Two ranking members of the U.S. Department of Labor recently discussed workplace retaliation against employees who file wage-related complaints, sending this strong and unequivocal message to employers in California and elsewhere across the country: Don't do it.
Say that you're a high-ranking executive in a cutting-edge department of a profitable enterprise, tasked with developing new products and processes and, concomitantly, safeguarding your employer's vitally important trade secrets.
Whatever side of the matter you're on in a job termination case (whether you play a role on behalf of a company dismissing a worker or, alternatively, you are that worker), you will automatically look for evidence that documents and sets forth in a detailed manner the stated reasons to support a firing.
State and federal employment officials and regulators often take pains to walk a very fine line when discussing the use of contracted-for labor by companies across the country.
Larson & Gaston recently won a major transportation law defense victory on behalf of one of its motor carrier clients. Four of the carrier's owner-operators filed claims with California's Division of Labor Standards Enforcement (DLSE), claiming to be employees of the motor carrier rather than independent contractors. This is a common accusation in the ongoing wave of litigation overtaking the transportation industry. The drivers sought over $500,000 in damages and penalties. L&G, on behalf of its carrier client, petitioned to compel arbitration of the claims pursuant to the arbitration clauses appearing in the independent contractor agreements. The drivers opposed, arguing that the arbitration clauses were unenforceable because they were unconscionable and therefore their claims should be resolved at DLSE Berman hearings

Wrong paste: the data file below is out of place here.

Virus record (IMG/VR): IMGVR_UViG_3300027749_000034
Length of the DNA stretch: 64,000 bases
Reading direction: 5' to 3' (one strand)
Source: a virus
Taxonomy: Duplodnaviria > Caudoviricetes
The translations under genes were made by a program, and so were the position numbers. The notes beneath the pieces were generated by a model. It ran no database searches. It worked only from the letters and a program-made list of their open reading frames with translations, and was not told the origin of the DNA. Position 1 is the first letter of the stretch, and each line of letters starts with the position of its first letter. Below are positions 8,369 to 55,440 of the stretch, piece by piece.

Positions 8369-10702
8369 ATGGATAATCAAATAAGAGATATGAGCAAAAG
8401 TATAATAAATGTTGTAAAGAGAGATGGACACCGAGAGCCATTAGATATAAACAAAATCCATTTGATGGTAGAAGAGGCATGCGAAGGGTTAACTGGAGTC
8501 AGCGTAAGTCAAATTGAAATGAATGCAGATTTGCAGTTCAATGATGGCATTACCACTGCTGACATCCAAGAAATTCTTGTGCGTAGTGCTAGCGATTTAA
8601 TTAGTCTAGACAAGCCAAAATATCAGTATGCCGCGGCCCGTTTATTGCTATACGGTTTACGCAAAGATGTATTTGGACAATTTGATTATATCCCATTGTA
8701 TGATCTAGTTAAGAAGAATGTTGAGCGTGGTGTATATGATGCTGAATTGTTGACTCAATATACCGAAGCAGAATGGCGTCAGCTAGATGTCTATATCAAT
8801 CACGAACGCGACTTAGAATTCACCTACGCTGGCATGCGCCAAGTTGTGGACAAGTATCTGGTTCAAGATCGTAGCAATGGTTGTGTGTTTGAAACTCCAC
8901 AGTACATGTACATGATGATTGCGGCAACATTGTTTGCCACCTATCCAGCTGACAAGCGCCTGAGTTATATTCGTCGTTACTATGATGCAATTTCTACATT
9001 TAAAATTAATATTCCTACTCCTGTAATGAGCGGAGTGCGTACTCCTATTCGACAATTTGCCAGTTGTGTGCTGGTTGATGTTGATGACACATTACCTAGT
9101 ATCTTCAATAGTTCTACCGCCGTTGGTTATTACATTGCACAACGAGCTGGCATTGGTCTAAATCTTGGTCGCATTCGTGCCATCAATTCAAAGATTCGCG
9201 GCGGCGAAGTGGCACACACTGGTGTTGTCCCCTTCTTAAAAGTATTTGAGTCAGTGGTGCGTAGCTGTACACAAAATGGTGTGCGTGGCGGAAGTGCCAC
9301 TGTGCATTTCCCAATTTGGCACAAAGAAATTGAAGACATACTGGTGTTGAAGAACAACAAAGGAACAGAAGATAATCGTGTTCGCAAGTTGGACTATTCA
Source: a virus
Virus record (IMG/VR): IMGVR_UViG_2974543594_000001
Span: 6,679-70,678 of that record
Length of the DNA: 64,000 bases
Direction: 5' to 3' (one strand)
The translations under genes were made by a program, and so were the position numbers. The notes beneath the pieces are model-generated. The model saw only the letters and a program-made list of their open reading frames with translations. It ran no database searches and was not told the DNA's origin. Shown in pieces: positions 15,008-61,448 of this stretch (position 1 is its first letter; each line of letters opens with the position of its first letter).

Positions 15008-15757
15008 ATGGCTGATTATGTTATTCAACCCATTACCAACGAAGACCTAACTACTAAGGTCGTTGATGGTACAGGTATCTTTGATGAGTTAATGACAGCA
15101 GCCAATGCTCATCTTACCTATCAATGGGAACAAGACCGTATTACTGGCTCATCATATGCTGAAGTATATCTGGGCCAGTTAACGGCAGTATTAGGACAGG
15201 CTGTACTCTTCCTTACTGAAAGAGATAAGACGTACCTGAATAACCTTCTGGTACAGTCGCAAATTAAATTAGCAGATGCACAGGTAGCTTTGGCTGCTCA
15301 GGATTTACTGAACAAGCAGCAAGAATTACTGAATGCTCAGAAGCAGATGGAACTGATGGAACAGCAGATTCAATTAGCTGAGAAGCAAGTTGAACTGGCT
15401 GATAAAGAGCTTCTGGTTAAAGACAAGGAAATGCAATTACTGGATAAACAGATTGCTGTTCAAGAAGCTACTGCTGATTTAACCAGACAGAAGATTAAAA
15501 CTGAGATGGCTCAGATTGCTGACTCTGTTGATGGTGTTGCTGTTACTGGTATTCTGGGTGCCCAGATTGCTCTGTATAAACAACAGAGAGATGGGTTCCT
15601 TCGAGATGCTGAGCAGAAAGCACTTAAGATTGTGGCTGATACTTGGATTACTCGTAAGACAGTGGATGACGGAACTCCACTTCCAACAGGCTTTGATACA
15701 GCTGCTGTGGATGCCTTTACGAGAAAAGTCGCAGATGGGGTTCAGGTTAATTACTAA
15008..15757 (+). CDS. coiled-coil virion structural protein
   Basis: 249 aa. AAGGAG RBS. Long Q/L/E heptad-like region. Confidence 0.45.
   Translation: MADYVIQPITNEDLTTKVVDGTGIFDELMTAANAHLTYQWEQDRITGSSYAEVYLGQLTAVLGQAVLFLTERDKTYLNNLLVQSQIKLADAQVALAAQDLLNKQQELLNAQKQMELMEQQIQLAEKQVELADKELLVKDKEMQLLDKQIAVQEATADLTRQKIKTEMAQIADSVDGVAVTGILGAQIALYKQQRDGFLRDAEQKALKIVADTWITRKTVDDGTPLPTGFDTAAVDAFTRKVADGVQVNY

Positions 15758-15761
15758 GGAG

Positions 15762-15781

The legislation referenced above in today's blog headline is formally entitled the Fair Pay and Safe Workplaces Executive Order.
What one national media outlet refers to as Uber's "freelance labor model" generally works quite well for the company, obviously, given the online transportation entity's estimated worth of as much as $68 billion.
A recently concluded workplace discrimination case serves as a virtual primer to employers in California and nationally regarding how not to interact with pregnant employees at the workplace.